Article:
libvirt based QEMU VM pausing by itself

I just debugged this for hours. I have a bunch of QEMU VMs and different sets of them would start pausing themselves. If I resumed them they would immediately pause themselves again. Checking logs showed nothing. I found a disk with a bunch of S.M.A.R.T. errors but it turned out to be a red herring (though it’s still getting replaced ASAP). In the end I was reading the QEMU man page and found this:


Specify which action to take on write and read errors. Valid actions are: “ignore” (ignore the error and try to continue), “stop” (pause QEMU), “report” (report the error to the guest), “enospc” (pause QEMU only if the host disk is full; report the error to the guest otherwise).  The default setting is werror=enospc and rerror=report.

After reading that and checking to see that those options were not specified on my QEMU command line, it finally dawned on me that maybe my disk was out of space. Sure enough, one of the VMs had filled its sparse image to the point where there was no room left on the real disk.

Poor planning on my part, yes, but I still wish that ENOSPC would show up in some log file somewhere. It would have saved me hours of debugging.

19 thoughts on “libvirt based QEMU VM pausing by itself”

  1. Same issue may occur when using virt-manager/libvirt, the VM is automatically put in “pause”, with no user feedback, when disk is full. Your blogpost probably saved me hours of debugging, thanks!

  2. o thanks for this!! it helped me now my vm have just got in pause mode but the post solved it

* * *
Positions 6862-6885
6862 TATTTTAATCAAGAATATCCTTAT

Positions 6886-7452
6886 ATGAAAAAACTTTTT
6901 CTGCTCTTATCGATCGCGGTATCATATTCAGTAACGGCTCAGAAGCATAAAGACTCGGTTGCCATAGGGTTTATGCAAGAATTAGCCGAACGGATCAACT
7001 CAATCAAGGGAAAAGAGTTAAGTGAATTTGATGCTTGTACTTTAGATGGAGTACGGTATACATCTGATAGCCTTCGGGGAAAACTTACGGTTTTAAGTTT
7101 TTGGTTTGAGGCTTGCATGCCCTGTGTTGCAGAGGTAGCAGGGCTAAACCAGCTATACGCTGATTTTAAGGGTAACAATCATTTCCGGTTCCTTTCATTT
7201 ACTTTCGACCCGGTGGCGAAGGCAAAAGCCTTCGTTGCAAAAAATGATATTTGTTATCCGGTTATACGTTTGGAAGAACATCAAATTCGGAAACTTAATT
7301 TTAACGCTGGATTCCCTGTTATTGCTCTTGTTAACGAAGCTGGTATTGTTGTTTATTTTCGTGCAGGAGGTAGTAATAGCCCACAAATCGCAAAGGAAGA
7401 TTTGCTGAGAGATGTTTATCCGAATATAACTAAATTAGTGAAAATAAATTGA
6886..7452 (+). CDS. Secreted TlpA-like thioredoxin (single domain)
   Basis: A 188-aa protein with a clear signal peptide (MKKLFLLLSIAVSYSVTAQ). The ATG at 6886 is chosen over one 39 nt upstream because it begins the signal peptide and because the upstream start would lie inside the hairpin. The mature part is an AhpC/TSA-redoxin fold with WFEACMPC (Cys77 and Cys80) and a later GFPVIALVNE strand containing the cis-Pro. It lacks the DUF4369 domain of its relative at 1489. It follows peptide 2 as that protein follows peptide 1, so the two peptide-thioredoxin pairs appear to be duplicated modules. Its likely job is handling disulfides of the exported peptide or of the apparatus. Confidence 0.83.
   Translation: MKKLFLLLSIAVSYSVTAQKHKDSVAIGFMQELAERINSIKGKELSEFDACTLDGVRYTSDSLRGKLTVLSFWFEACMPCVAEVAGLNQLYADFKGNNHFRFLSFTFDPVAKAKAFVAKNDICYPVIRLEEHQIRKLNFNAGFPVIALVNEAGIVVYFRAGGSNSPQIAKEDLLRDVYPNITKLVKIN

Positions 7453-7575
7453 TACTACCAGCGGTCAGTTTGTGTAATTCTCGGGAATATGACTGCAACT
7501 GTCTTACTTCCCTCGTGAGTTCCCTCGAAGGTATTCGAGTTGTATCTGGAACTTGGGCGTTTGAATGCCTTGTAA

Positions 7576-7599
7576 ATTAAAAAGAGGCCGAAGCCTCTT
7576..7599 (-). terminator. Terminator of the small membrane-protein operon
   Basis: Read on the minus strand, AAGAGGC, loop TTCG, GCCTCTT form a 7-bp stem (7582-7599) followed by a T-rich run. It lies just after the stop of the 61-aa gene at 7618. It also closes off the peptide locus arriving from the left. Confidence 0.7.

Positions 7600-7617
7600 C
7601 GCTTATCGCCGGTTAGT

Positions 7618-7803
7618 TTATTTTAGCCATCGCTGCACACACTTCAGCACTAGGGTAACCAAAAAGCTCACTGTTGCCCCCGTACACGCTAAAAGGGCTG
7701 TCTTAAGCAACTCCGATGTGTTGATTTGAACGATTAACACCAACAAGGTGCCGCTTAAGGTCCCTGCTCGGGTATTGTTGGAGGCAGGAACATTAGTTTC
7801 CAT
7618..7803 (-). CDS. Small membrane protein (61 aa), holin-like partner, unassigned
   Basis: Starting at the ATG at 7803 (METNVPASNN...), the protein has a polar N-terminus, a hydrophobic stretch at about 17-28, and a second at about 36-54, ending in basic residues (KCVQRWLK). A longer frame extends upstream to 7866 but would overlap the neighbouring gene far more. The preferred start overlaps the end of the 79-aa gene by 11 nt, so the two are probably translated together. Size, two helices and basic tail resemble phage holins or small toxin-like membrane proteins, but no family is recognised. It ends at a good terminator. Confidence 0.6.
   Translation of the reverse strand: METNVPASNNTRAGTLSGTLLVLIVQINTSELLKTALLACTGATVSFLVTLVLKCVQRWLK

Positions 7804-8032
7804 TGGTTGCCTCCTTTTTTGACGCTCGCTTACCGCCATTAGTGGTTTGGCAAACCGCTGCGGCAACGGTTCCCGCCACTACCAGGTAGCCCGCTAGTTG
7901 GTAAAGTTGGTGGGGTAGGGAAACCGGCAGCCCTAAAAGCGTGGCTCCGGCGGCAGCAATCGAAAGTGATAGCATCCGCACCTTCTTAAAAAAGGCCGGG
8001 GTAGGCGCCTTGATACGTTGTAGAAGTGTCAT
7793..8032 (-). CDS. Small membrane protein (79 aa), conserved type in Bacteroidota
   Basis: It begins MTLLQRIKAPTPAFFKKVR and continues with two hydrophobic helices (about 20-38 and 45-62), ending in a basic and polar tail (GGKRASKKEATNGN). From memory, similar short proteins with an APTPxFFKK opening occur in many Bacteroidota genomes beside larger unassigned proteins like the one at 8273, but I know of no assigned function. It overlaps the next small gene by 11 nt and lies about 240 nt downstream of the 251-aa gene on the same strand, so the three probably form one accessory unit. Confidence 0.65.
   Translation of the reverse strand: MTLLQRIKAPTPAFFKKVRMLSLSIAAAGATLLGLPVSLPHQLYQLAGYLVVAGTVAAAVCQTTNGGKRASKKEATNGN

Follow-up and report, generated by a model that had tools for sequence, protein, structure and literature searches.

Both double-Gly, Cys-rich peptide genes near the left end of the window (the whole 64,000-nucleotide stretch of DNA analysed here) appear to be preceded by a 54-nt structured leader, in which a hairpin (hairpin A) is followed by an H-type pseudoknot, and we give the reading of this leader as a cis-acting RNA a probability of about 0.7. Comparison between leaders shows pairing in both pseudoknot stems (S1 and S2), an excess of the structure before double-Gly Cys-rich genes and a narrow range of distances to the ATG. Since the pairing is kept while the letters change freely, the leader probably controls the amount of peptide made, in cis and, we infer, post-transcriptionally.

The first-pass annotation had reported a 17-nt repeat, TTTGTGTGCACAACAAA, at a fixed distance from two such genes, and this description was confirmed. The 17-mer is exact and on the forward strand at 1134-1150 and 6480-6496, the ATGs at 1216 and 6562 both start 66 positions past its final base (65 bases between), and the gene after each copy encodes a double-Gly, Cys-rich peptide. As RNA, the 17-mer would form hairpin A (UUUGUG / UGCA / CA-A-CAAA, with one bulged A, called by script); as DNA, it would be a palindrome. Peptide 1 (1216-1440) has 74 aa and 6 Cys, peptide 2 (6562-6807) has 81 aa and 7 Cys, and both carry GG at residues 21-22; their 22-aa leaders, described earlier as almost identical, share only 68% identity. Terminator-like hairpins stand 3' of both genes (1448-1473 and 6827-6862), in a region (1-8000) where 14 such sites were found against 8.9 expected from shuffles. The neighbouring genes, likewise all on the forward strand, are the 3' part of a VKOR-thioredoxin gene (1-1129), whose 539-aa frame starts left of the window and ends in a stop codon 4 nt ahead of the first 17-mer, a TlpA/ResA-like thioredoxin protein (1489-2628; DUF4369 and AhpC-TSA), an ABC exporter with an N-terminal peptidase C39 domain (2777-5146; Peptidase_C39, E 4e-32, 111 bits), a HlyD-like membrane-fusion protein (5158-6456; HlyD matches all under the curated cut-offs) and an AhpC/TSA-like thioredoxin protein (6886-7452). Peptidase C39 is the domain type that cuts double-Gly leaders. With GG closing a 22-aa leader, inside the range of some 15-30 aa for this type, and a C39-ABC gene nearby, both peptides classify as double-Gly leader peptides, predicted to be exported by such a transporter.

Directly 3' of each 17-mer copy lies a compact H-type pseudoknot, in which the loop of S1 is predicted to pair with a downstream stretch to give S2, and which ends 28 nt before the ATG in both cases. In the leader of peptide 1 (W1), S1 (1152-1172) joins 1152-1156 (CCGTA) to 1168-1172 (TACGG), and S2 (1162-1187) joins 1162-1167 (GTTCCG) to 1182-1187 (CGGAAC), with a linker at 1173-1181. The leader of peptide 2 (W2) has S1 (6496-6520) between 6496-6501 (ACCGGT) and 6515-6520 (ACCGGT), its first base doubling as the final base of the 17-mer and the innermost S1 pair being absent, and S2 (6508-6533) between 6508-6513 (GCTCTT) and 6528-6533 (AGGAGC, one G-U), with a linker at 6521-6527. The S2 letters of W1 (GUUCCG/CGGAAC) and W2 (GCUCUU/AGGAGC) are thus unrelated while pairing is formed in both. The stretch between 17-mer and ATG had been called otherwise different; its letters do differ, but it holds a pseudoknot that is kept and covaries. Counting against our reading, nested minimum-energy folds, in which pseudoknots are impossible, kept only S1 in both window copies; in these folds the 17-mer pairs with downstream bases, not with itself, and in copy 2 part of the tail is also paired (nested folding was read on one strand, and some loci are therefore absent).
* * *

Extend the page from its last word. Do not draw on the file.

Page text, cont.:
3. I’m having this issue but the disk is not full. I believe it is actually a crash based on the libvirt log. In my case I believe the MBR for Windows 2008 is damaged so it just needs to get fixed or reinstalled but the VPS still seems to crash and hate the actual disk image (maybe it is somehow corrupted or changed in a way that KVM doesn’t expect).

  4. Seems it will ALSO pause a VM if you have a Linux host with a NFS share that fills up! I kept having 3 of my VMs pausing themselves again and again and again… turns out, it was an NFS mount which wasn’t even being used by any processes! The NFS share was just a stupid place to drop files to share betwixt all the VMs for simple file transfers for config files… small share, only 100mb. Turns out, a log file from a windows was also landing there for some weird reason, and when that filled it up… every one of the Linux VMs went PAUSE! Aughhh! I killed the Windows VM, deleted the logfile, and was FINALLY able to get the Linux VMs to start running reliably again.

    …and yes, still… nothing the least bit helpful anywhere in any logs for libvirt or the VMs! Drove me batty for 3 days before I found this blog post and that led to the solution. What a damned headache, all for something so stupid. Apparently I need to be careful with haphazard NFS mounts to small shares!

  5. Thank you very much, you saved me a lot of hours … and it’s already late night 🙂

  6. Thanks a ton for this! I did see that it logged something in /var/log/libvirtd/log:

    2018-03-05 05:56:00.888+0000: 1439: error : qemuMonitorIO:611 : internal error End of file from monitor

    …but who needs logs when you have google? o_O

  7. Happens without libvirt too! Just raw Qemu does this as I discovered today, and there is no relevant log data of any sort anywhere, not even a message on the Qemu console.

    So well done for finding this and thanks for posting it!

  8. You can actually see some logs using the virsh command:
    virsh event –loop –timestamp –all –domain
    …and then trying to start the VM.
    In this way I could see errors like this one:
    event ‘io-error-reason’ for domain (…) pause due to enospc
    The “enospc” keyword pointed me here. Anyway, in my case the host drive is not full, it should still have almost 100 GB full. I’m getting crazy…

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Last Modified on: Dec 31, 2014 18:59pm